Analysis-US Supreme Court divisions expected to be exposed as final rulings loom


By John Kruzel and Andrew Chung

WASHINGTON (Reuters) – The U.S. Supreme Court, with its 6-3 conservative majority, managed to bridge its ideological divide in major rulings this month involving constitutional gun rights and access to the abortion pill, but that could change as the court heads into what may be the final week of its term.

Decisions are due in major cases involving Donald Trump’s claim of presidential immunity from prosecution, an Idaho abortion ban that makes no exception to protect the health of pregnant women, and a doctrine called “Chevron deference” that long has bolstered federal regulations against legal challenges. Those cases are expected to once again expose the fault lines between the court’s conservative and liberal justices.

“So far, the term has been less ideologically defined than the last two,” said Erwin Chemerinsky, dean of the University of California Berkeley Law School. “But I really think it is (this) week’s decisions that will determine how we think of the term.”

Two years ago, the court’s conservatives powered rulings rolling back abortion rights and widening gun rights. Last year, they rejected race-conscious admissions policies long used by colleges and universities to increase enrollment of Black and Hispanic students.

Some justices have come under fresh scrutiny for their actions away from the bench, including reports that flags associated with Trump’s attempts to overturn his 2020 election loss flew outside Justice Samuel Alito’s homes in Virginia and New Jersey, and fresh revelations about Justice Clarence Thomas accepting undisclosed travel from a wealthy benefactor.

The American public has come to view the court through a partisan lens, with 69% of Republicans, but just 27% of Democrats, viewing it favorably, according to a May Reuters/Ipsos poll.

The justices are expected to complete their term either this week or next, with rulings in 14 argued cases – including some of the most important ones – still outstanding.

Based on the proportion of cases decided by this point in a term that started in October, the court is having its second-slowest term since 1946, according to Adam Feldman, a legal scholar who tracks court data on his Empirical SCOTUS blog. In that span, only the 2019-2020 term that ended during an intense period of the COVID pandemic was slower.

Two cases of keen interest to Trump, the Republican candidate challenging Democratic President Joe Biden in the Nov. 5 U.S. election, are awaiting resolution. One is his bid to avoid federal prosecution on charges relating to the former president’s efforts to overturn his 2020 election loss to Biden. The other involves whether to raise the legal bar for prosecutors pursuing obstruction charges against Trump supporters accused in the Jan. 6, 2021, U.S. Capitol attack.

Trump himself was hit with two obstruction-related charges in a four-count criminal indictment obtained in August 2023 by Special Counsel Jack Smith. The Supreme Court’s decision to hear arguments over presidential immunity and to then wait until the end of its term to issue a ruling have reduced the chances of a jury deciding that criminal case before the Nov. 5 election – if the justices even allow it to proceed.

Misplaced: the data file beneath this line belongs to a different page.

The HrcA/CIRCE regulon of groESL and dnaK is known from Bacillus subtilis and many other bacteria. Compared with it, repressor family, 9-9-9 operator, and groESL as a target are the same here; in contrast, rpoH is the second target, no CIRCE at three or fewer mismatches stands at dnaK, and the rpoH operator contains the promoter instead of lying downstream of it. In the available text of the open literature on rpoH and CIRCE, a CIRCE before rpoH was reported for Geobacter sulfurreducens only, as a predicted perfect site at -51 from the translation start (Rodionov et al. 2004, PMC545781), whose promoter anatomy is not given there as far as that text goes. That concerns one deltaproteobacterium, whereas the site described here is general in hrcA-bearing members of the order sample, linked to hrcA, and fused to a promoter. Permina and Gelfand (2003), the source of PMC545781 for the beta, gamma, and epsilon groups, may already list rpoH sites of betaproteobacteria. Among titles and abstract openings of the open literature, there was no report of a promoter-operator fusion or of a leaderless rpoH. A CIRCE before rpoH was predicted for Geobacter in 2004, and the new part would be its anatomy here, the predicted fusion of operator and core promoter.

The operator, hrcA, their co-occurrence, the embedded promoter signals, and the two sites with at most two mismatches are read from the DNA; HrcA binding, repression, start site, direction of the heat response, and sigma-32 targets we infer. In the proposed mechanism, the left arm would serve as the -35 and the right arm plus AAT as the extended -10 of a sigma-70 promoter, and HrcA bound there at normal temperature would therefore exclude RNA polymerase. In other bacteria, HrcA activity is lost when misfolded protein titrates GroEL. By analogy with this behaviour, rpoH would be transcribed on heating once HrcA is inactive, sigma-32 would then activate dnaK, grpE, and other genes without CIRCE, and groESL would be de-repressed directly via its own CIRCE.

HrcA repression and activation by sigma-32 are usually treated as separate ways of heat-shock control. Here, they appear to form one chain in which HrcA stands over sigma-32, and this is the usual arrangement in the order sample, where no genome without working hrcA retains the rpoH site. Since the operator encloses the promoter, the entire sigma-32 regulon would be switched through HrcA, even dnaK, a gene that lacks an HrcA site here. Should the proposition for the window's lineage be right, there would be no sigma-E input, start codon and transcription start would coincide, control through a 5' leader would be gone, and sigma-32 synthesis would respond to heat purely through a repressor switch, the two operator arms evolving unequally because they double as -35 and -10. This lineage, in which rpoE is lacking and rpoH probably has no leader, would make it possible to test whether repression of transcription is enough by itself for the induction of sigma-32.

The court last month ruled 7-2 – with four conservative justices joined by all three liberals – to uphold the Consumer Financial Protection Bureau’s funding mechanism, a decision in a case that had posed an existential threat to that agency. But U.S. regulatory agencies could still suffer major blows in cases still be to decided – reflecting a long-running conservative effort to weaken what they call the “administrative state.”

One case takes aim at the legality of proceedings conducted by Securities and Exchange Commission in-house judges. Another targets “Chevron deference,” a key principle of administrative law for decades. Dating to a 1984 Supreme Court precedent involving the oil company Chevron, it calls on judges to defer to reasonable interpretations by federal agencies of laws deemed to be ambiguous.

Also to be decided are three cases involving the power of social media companies to curb content on their platforms that they deem objectionable.

During its current term, the Supreme Court has reined in several decisions by the New Orleans-based 5th U.S. Circuit Court of Appeals, one of the most conservative federal appellate courts.

The justices have overturned or thrown out five of the seven 5th Circuit rulings they have addressed so far. These included the court’s unanimous June 13 ruling preserving broad access to the abortion pill mifepristone, and an 8-1 ruling last Friday – with five conservative justices joined by the three liberals – that upheld a federal law that makes it a crime for people under domestic violence restraining orders to have guns.

The court is next scheduled to issue rulings on Wednesday.

“As always, most of the blockbuster cases will come down in the last week,” Chemerinsky said.

(Reporting by John Kruzel; Editing by Will Dunham and Scott Malone)

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